The resolution states that ICANN org should use the next eight months to ensure the hybrid model planned for San Juan is as effective as possible for those who will still be unable or unwilling to attend in person due to the pandemic.

It adds that smaller regional meetings, where travel restrictions are less irrelevant, could still go ahead this year.

A recent poll showed a majority of community members from all regions were keen to return to in-person meetings for Seattle, but the majority was greater in North America than elsewhere.

A group of participants from the Asia-Pacific region recently wrote to ICANN to state that it was likely that nobody from that region would be able to show up in Seattle.

ICANN 72 will be the sixth consecutive public meeting to be held virtually.

“Diversity” warning over ICANN Seattle

Kevin Murphy, July 8, 2021, Domain Policy

ICANN has been told that it risks disenfranchising community members from outside the US if it goes ahead with a return to in-person meetings at ICANN 72 in Seattle this October.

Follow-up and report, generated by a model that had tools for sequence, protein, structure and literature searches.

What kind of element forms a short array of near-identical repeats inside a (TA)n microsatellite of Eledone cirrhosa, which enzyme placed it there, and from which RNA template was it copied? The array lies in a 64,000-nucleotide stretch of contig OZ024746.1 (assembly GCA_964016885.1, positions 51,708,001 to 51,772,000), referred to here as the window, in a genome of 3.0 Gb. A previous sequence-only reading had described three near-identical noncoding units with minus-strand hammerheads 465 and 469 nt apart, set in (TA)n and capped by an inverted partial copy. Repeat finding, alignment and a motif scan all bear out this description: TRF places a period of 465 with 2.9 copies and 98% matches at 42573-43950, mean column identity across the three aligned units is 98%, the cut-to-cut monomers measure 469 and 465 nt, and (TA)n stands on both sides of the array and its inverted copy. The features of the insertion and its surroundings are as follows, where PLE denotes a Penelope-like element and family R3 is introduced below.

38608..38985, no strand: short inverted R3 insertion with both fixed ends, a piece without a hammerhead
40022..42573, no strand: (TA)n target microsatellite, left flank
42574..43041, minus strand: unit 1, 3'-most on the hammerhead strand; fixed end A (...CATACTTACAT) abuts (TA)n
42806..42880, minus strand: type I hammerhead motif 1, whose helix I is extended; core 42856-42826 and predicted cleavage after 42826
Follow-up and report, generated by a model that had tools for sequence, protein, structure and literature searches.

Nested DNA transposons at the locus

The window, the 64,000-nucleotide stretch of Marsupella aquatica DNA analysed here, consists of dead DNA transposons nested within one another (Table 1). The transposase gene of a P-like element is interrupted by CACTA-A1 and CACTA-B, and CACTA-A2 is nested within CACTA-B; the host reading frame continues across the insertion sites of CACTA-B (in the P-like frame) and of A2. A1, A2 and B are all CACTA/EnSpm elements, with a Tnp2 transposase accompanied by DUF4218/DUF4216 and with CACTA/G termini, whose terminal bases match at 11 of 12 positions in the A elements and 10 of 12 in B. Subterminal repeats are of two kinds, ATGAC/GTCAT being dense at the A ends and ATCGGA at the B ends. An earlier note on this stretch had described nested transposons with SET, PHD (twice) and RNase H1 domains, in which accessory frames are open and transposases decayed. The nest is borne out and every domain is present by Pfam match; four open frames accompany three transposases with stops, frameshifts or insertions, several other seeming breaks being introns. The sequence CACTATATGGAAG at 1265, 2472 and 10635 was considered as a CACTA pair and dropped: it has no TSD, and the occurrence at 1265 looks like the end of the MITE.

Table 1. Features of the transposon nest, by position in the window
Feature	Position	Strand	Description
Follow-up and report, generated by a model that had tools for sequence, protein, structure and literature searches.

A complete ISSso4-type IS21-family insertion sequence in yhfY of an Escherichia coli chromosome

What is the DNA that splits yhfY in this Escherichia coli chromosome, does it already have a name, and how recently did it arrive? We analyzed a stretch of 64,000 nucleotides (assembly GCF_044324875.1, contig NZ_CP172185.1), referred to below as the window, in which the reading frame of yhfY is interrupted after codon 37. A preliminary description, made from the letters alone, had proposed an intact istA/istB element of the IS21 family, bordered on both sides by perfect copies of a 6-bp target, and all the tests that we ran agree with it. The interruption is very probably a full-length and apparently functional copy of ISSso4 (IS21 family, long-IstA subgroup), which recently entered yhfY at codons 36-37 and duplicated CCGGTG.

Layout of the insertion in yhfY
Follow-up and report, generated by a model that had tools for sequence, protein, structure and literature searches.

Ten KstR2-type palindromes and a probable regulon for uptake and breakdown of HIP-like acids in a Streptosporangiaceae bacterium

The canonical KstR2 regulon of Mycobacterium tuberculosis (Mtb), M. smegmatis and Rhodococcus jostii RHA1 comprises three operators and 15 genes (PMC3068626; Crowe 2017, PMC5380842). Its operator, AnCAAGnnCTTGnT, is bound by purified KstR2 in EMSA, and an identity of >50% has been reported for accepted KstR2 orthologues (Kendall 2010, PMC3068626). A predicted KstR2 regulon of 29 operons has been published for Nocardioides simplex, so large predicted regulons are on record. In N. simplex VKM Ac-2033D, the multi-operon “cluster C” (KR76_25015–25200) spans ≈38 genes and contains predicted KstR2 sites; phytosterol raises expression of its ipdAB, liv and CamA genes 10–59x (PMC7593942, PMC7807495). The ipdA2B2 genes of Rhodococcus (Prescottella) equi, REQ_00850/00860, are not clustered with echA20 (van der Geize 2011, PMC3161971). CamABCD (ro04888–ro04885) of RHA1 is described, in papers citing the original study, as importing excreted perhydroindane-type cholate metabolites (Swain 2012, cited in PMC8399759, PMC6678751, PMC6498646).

APAC Space, a group comprising participants from the Asia-Pacific region, reckons there’s almost no chance that any of its members will be able to make it to Seattle, due to pandemic restrictions.

The group wrote (pdf):

Like the rest of the community, the APAC Space members are keen to see a return to face-to-face meetings, but we have serious concerns about continued, longterm disenfranchisement if this return is done in an inequitable way. If a hybrid meeting does go ahead in Seattle, we are reasonably confident that there will be minimal, if any, in-person attendance from the APAC region

APAC Space goes on to note that ICANN 73 next March is also scheduled to take place in the same region, in San Juan, Puerto Rico.

The letter continues:

We are concerned that holding a hybrid meeting in which participants from only some regions can participate in-person is not in line with ICANN’s goal to reflect regional and cultural diversity, and risks further disenfranchising regions that are already under-represented within ICANN’s processes.

A recent ICANN survey found that a majority of community members were keen to return to face-to-face meetings. While this was true everywhere, the majority was stronger among North Americans and Europeans.

ICANN’s board of directors is due to make a decision about Seattle later this month.

This article was updated July 9 to clarify authorship of the letter to ICANN.

There’s really only one question about the return to face-to-face ICANN meetings

Kevin Murphy, June 22, 2021, Domain Policy